In the 1960s, H.D. published the renowned work/epic poem, Helen in Egypt, which Brian Glaser in the Journal of Modern Literature calls her “last ambitious poem.” The poem has three parts (much like her previous Trilogy) which are entitled “Pallinode,” “Leuké,” and “Eidolon.” This newest trilogy is yet another memorial of her past through the character “Helen,” set in a mythological world.

There have been many different readings of the epic poem one of which is recorded by Rachel Connor in H.D. and the Image, “although Helen’s quest for a voice within the text of Helen in Egypt appears to unsettle the privilege afforded both mythological discourse and the visual, it is at odds with the ‘silencing’ by the text of the Egyptian resistance to British colonialism at the time of the poem’s composition.” Glaser, who has a different opinion, states that “H.D. presents a character who is coping imaginatively with the challenge of establishing her independence from within her gendered position. Like a dream, her words more through and arrange a network of associations so that the conflictual question of her loyalties as a woman is resolved with a symbolic act—the invocation of her brothers—rather than a compromise.” It is quite possible that no one will ever fully agree on what this epic poem is truly about. However, one statement is certain: this work written by the “Imagist” H.D. shows the growth of her movement away from her detested label, much like her Trilogy and “The Walls Do Not Fall” did. Helen in Egypt is another great example showing that H.D. is more than her label can allow.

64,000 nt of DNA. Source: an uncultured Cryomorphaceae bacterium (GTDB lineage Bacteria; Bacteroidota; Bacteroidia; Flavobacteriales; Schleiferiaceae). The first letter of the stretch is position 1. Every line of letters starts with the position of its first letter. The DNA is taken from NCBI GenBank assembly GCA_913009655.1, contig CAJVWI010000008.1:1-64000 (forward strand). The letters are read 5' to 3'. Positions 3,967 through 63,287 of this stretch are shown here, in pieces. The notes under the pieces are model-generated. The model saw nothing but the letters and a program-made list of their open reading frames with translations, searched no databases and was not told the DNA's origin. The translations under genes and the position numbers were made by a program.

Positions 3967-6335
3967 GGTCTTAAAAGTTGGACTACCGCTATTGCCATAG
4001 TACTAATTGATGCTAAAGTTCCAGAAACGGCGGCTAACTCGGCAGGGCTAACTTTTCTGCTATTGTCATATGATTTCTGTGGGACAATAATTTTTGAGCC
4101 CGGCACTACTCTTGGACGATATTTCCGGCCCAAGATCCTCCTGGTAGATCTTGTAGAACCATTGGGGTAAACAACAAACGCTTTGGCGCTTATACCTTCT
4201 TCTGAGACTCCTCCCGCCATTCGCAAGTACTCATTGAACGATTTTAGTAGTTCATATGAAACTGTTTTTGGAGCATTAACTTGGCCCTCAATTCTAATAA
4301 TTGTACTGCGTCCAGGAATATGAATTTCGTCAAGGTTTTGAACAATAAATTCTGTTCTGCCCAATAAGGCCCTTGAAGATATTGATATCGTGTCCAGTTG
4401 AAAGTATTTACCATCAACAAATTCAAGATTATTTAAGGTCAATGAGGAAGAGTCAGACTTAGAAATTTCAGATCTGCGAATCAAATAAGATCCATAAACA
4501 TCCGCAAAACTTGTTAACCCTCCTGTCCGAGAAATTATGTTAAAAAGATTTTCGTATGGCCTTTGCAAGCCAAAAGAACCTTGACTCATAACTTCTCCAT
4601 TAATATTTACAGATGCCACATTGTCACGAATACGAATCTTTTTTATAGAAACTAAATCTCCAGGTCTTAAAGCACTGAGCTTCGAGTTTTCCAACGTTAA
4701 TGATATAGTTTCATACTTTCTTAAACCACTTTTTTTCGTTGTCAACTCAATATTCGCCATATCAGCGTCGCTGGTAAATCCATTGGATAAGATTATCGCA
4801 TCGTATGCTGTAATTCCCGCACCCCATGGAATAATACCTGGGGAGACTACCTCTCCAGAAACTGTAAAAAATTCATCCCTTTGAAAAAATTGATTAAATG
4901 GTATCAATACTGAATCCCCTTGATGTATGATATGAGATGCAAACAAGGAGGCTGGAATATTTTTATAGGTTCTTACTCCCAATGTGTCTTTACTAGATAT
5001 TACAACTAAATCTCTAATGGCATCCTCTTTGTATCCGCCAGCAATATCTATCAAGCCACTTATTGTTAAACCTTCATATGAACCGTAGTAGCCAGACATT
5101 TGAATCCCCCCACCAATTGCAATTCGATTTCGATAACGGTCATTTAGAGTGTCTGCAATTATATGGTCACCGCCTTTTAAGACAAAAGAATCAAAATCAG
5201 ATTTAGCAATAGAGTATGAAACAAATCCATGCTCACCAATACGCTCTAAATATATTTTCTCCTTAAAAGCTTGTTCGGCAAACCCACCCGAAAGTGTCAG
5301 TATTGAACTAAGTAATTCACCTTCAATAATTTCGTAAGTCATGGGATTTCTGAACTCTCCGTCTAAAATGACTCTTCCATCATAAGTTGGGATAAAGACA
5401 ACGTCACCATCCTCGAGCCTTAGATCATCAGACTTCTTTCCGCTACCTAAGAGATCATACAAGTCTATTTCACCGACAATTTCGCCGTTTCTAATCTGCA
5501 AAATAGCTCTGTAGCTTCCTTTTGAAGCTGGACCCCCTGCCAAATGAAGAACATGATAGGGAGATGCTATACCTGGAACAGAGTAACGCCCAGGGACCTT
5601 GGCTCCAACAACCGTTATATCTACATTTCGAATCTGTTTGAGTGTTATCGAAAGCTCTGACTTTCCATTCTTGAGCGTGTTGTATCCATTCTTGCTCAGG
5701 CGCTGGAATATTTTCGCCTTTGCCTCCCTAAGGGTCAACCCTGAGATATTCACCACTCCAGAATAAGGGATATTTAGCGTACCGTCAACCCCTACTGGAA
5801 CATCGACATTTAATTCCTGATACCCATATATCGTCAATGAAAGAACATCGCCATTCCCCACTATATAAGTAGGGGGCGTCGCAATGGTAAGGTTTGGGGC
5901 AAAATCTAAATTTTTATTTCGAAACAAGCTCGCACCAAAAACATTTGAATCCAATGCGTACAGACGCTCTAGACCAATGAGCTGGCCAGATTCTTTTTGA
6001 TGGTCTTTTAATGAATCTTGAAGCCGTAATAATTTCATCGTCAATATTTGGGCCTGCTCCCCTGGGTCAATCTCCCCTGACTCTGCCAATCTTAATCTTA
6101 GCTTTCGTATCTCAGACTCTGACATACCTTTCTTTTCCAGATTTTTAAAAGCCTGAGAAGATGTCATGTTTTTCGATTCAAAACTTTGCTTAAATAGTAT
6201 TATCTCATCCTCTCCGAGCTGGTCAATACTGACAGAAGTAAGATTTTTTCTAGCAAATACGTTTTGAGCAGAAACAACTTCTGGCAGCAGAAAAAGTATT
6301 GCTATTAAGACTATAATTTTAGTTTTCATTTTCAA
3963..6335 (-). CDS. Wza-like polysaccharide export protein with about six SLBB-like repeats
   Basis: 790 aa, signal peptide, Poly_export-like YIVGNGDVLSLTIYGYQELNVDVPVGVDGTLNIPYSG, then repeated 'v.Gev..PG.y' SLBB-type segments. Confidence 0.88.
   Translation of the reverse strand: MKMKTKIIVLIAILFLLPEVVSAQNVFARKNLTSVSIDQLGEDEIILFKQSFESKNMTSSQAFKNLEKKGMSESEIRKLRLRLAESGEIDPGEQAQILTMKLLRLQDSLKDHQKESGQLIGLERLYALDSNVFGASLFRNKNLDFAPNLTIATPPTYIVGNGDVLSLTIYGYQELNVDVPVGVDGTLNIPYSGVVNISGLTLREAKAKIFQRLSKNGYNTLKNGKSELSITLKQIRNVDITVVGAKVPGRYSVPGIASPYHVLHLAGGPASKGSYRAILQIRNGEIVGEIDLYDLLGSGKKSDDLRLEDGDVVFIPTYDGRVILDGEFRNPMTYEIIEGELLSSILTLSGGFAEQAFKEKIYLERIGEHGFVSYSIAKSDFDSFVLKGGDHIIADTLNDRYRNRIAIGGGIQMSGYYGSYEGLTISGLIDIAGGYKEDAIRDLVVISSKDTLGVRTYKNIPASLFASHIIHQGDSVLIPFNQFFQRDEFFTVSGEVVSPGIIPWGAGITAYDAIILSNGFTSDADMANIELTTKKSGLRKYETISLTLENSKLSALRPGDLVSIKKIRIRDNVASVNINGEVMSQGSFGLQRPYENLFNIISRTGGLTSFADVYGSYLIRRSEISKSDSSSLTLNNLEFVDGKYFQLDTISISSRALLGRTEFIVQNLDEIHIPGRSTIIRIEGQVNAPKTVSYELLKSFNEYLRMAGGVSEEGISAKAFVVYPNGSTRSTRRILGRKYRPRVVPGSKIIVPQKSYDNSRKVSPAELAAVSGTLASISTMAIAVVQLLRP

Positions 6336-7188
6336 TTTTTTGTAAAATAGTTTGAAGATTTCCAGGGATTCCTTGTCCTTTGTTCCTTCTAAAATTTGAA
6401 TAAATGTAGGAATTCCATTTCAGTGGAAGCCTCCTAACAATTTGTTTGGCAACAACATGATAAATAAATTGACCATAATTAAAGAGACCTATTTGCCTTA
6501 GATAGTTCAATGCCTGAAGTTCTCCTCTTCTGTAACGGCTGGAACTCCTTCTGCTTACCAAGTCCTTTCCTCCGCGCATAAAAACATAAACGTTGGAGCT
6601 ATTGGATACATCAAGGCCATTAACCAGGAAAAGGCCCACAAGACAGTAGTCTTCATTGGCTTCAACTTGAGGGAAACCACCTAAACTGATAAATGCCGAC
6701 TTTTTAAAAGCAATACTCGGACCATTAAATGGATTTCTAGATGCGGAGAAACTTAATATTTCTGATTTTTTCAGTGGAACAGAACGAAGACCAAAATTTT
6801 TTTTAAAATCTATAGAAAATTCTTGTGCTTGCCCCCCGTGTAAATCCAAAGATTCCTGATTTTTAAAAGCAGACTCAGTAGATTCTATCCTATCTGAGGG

As H.D. broke away from Imagism, she began exploring different ideas and ideals. It was during this time that she befriended Sigmund Freud and became his pupil in the early 30s. Twenty years later, after psychoanalysis and a mental breakdown, H.D. memorialized her time with Freud in her book, Tribute to Freud. It was after World War II, in which H.D. suffered the mental breakdown and, according to Zilboorg, the breakdown caused the woman to spend the rest of her life living in hotels and, finally, clinics.

Despite a mental breakdown, H.D. wrote books of prose and poetry (some of which were published posthumously) throughout the remainder of her life. She won many awards for her writing including: the Guarantors Prize, 1915, the Levinson Prize, 1938, and the Harriet Monroe Memorial Prize, 1958, all from Poetry; Brandeis University Creative Arts Medal, 1959; Award of Merit Medal for poetry, National Institute and American Academy of Arts and Letters, 1960; and the Longview Award, 1960, from Bryn Mawr College.

Hilda Doolittle lived a long and fulfilling life. Towards the end of her life, H.D. wrote a letter to Norman Holmes Pearson, a friend she had encountered in the United States some years earlier. Hernandez records the letter as saying, “I think I did get what I was looking for from life and art.” H.D. then had a stroke in the summer of 1961, and died two months later on September 21, in Zürich, Switzerland. Although H.D. had passed away, her poetry and other writings were still prized and published continually until 1997. The loved poet and writer was brought back to the United States and buried in her hometown in Nisky Hill Cemetery.